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by Matt Moody | August 31, 2015


New associates at Paul Hastings’ New York office are in for a novel seating arrangement when the firm moves into its new digs next year: cubicles.  Although newer associates at New York law firms often share offices with one of their peers, Paul Hastings’ first- and second-year associates will be seated in pods of 12 in large areas on the ends of floors, separated from the rest of the office by glass dividers in what the firm is calling “end zones.”

Although management promises that it’s “prime, window-lined” real estate, there’s no getting around the fact that a cubicle isn’t an office.  Barry Brooks, the chair of the firm’s New York was quoted in the Wall Street Journal saying, “I don’t feel bad about it. … I really do believe first- and second-years will benefit from true collaboration—they feed off each other.”  The move is part of the firm’s redesign of its office to reduce its footprint by 25%, even without downsizing any of its workforce.

If any firm can stand to take the hit among new law school grads, it’s Paul Hastings.  The firm has topped Vault’s list of the Best Law Firms to Work For for three years running and is first in Associate Satisfaction too.  And perhaps the change will be welcome to the new associates.  As Brooks stated, millennials are “used to working in cafes and they want to sit next to their colleagues.”  Most tech firms, including Google, eBay, and Facebook have open floorplans, as do many banks like Goldman Sachs and American Express. According to the International Facility Management Association, about 70% of U.S. offices have some sort of open floor plan.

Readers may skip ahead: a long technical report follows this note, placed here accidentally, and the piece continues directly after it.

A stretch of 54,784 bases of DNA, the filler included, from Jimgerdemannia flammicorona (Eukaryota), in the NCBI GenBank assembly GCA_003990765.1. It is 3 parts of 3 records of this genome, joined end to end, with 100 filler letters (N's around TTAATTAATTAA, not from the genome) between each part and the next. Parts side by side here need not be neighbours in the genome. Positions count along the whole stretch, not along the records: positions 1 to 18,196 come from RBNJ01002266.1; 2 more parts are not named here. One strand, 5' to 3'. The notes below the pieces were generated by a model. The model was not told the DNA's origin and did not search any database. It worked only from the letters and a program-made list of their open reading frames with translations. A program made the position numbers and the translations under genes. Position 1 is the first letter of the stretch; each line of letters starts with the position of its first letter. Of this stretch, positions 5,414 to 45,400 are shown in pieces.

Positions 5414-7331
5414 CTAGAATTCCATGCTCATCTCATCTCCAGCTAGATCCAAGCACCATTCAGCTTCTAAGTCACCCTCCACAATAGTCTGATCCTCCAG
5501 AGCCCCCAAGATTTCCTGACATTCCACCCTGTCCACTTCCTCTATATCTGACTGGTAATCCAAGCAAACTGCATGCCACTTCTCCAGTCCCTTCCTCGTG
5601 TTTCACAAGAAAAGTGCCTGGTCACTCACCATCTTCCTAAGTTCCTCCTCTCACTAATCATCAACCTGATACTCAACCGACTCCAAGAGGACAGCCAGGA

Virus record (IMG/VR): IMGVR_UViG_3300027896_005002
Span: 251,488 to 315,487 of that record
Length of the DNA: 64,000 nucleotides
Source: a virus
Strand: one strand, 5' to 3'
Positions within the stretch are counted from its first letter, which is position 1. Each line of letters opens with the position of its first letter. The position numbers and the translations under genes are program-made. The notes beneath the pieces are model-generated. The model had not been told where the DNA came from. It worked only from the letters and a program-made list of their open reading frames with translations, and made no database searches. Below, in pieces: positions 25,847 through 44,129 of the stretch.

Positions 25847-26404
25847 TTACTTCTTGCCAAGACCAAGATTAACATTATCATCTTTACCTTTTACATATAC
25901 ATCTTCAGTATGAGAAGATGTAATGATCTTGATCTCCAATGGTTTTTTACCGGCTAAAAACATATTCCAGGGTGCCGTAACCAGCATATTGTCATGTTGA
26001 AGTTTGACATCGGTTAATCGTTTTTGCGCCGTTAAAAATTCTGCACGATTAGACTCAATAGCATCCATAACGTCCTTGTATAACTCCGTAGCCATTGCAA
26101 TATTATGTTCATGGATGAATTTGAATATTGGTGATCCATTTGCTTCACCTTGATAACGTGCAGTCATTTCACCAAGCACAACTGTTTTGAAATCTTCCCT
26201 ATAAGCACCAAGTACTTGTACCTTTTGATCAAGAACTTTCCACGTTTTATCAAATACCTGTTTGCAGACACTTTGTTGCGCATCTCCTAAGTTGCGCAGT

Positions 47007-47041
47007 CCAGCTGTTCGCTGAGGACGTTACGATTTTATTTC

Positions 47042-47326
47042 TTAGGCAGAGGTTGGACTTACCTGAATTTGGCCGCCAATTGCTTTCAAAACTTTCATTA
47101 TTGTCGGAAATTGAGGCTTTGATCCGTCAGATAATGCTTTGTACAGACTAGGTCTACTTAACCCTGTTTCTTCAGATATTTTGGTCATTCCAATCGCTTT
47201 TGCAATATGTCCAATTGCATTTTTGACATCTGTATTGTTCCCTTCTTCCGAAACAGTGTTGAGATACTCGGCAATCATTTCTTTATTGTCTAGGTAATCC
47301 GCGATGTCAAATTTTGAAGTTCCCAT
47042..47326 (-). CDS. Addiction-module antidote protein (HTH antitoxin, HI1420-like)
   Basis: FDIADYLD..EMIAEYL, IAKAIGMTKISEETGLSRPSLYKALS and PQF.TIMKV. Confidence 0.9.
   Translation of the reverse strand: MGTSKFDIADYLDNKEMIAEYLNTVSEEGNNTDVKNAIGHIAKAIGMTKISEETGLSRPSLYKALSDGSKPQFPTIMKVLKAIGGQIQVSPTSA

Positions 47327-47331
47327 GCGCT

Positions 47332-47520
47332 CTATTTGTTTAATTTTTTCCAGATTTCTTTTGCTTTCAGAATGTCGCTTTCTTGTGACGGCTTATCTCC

And although what the WSJ labeled “Lawyer Cubicles” may be new to BigLaw associates, they aren’t exactly new to lawyers.  Staff attorneys and contract doc reviewers have long worked in cubes or in conferences rooms (or even converted storage spaces). New attorneys do tend to bounce ideas off each other often, and being in a pack with several of your peers could make navigating the sometimes difficult waters of BigLaw life a little easier. I’ve personally worked in all sorts of environments—cubicles, shared offices, and private offices—and have found that they all have their plusses and minuses.  When I first moved to my private office I missed my officemate and found it to be lonely and too quiet.  I don’t think I would have minded a bullpen for new associates, but maybe I’m in the minority.

Law firms tend to be conservative workplaces.  I doubt we’ll see senior associates or partners giving up their private spaces any time soon.  But BigLaw firms are also quick to follow each other’s leads.  If Paul Hasting’s experiment works, you can expect to seem more firms moving in this direction in the near future.